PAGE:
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Keywords:

  • anaphylaxis;
  • food allergy;
  • hidden allergens;
  • NSAIDs intolerance;
  • storage mites

Since the first case of oral mite anaphylaxis (OMA) was described (J Allergy Clin Immunol 1993;92:846-9), only few more cases of have been reported. The phenotype of OMA is an immediate food reaction by mite-contaminated foods (1) in patients with previous allergic rhinitis and/or asthma by sensitization to mites.

By August 2009, we compiled data of 42 patients (Table 1) with clinical history of immediate reactions to flour-based foods, suggestive of IgE-mediated hypersensitivity, and without food allergy: OMA events. All patients presented allergic rhino-conjunctivitis with/without bronchial asthma by sensitization to dust mites.

Table 1.   Clinical data of patients with oral mite anaphylaxis (OMA) events
NoSexAgeAtopy Implicated food Year event*Reaction intervalSymptoms OMANSAIDs intolerantFlour mites/g
  1. F, female; M, male; R, rhinitis; RC, rhinoconjunctivitis; A, bronchial asthma; U, urticaria; AE, angioedema; OAS, oral allergy síndrome; EIA, exercise-induced anaphylaxis; hTA, hypotension; TE, Tongue edema; N.D., Not done; AP, abdominal pain, year event*.

 1F19RCCrepes/‘012 hRC/AEA/AE/2000N.D.
 2F20RC + ACroquettes, Pancake/‘0130′U/AE/hTA/A × 2No1200
 3F25RC + APancake, Battered foods × 220–30′OAS, RC + AE × 2NoN.D.
 4F12RC + ACroquettes10–15′AEAEN.D.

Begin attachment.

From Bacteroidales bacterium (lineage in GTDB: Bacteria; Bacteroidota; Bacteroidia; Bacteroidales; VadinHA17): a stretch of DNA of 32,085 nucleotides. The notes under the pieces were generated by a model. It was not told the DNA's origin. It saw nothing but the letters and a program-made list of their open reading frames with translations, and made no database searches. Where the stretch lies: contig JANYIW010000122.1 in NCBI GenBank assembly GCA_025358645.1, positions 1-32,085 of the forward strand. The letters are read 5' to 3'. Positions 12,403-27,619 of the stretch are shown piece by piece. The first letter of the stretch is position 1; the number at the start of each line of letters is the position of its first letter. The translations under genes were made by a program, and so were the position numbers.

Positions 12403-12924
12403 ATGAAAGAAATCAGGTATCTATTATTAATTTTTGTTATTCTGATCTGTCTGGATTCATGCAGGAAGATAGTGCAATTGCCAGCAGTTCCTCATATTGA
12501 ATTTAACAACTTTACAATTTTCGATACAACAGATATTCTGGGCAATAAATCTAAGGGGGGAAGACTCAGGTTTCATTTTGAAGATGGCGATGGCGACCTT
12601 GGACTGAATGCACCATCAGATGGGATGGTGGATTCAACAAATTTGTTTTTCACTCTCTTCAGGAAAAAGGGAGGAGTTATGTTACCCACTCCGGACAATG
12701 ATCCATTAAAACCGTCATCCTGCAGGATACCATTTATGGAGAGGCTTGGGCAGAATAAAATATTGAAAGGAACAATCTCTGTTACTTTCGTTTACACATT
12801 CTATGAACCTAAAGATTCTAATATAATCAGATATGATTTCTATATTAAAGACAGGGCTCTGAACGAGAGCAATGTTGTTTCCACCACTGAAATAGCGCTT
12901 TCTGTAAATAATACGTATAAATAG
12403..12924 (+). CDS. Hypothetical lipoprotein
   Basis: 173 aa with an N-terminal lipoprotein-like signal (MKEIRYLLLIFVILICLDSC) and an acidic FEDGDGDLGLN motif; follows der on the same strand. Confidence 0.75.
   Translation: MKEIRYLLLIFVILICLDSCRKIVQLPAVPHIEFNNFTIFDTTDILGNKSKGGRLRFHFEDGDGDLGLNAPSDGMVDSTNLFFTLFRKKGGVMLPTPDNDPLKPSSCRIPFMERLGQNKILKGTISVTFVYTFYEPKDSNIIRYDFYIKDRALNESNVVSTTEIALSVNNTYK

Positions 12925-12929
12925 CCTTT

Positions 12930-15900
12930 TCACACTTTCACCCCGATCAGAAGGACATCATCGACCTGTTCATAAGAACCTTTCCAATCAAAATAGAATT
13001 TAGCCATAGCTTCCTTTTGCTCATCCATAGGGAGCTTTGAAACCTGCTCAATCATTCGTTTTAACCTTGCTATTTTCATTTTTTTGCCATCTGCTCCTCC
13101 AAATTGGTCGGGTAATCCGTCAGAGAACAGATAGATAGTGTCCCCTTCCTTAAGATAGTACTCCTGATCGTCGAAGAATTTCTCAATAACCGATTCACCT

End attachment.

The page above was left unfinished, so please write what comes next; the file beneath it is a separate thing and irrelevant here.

5M39RCChocolat w/cornstarch, panc’015′–20′AE- AE/UA/U/AE 2000N.D.
 6M26RC + APancake1 hUNoN.D.
 7M17RC + ACroquettes/‘0010–15′AE + U + AAE/A/2000N.D.
 8M27RCPancake × 2, Battered foods/‘025′AE × 2, AE/UAE/2003960
 9F45RPancake × 2, Battered foods5′AE/U/hTA × 3NoN.D.
10F27RC + APancake, Homemade bread5′AE × 2NoN.D.
11M37RCPancake, Croquettes15′AE/U/A × 2NoN.D.
12M17RC + APancake10′AE/U/ANoN.D.
13M16ABattered foods × 6/‘015′U × 6AE/2000N.D.
14F28RC + ACroquettes,Battered foods,cookies5U, A, hTA × 3NoN.D.
15M38RC + ACrepes, Pizza, Pancake/‘0030′hTA, U, A × 3AE/A/19891067
16F36RCPancake5′RC/A/U/AENoN.D.
17F22RC + ABattered foods5′A/AENoN.D.
18M34RC + APancake/’0110′RC/A/U/AEAE/1992N.D.
19M29RC + APancake, Croquettes/‘045′AE/dysphoniaNoN.D.
20F32RC + ACroquettes/‘085′AE/AAE/1991N.D.
21F42RCPancake/’04 Muffins/‘055′AE/dysphonia/TE × 2AE/1991N.D.
22M35RC + APancake, Homemade cookies/‘005′AE/dysphagia/AAE/1982N.D.
23F23RCPancake/‘082 hAE/AAE/2002N.D.
24M35RC + AHomemade cookies/5′A/AE/U/hTANoN.D.
25F25RC + ABattered foods/‘0215′RC+AAE/A 1997N.D.
26M13RC + ACrepes, Homemade muffins/‘0815′A/U × 3AE, 2001104
27M42RCPancake/‘085′RC/A/UNo1477
28F35RCPancake30′RC/A/UNoN.D.
29F15RC + AHallaca* with cornstarch2 hAE/ANoN.D.
30M20RC + ACookies, Battered foods, Crepes15′AE/A/UNo3905
31M25RPancake/‘085′AE/UAE/20081680
32F20RC + ABattered food/‘0830′AE/UAE/U/20055275
33F22RC + ACrepes60′A/UNo33 634
34F15RCHomemade cookies5′A/U/AE/APNoNo mites
35M57RCBattered foods5′AE/ANoNo mites
36M27RCLasagna20′AENoN.D.
37M33RCCrepes/‘07 AE + AAE/2007N.D.
38F13RCCrepes/‘081 hAE/U/AAE/2008N.D.
39F11RC + ACroquettes, Pancake/‘00 SAO × 2AE/1999N.D.
40M38RCBattered foods, Pancake/‘0520′AE/UAE/2000N.D.
41F26RC + ABattered foods/‘092 h + EIAAE/R/A/UAE/2001N.D.
42M23RC + ACroquettes, Battered foods/‘065′AE/U/AAE/1997N.D.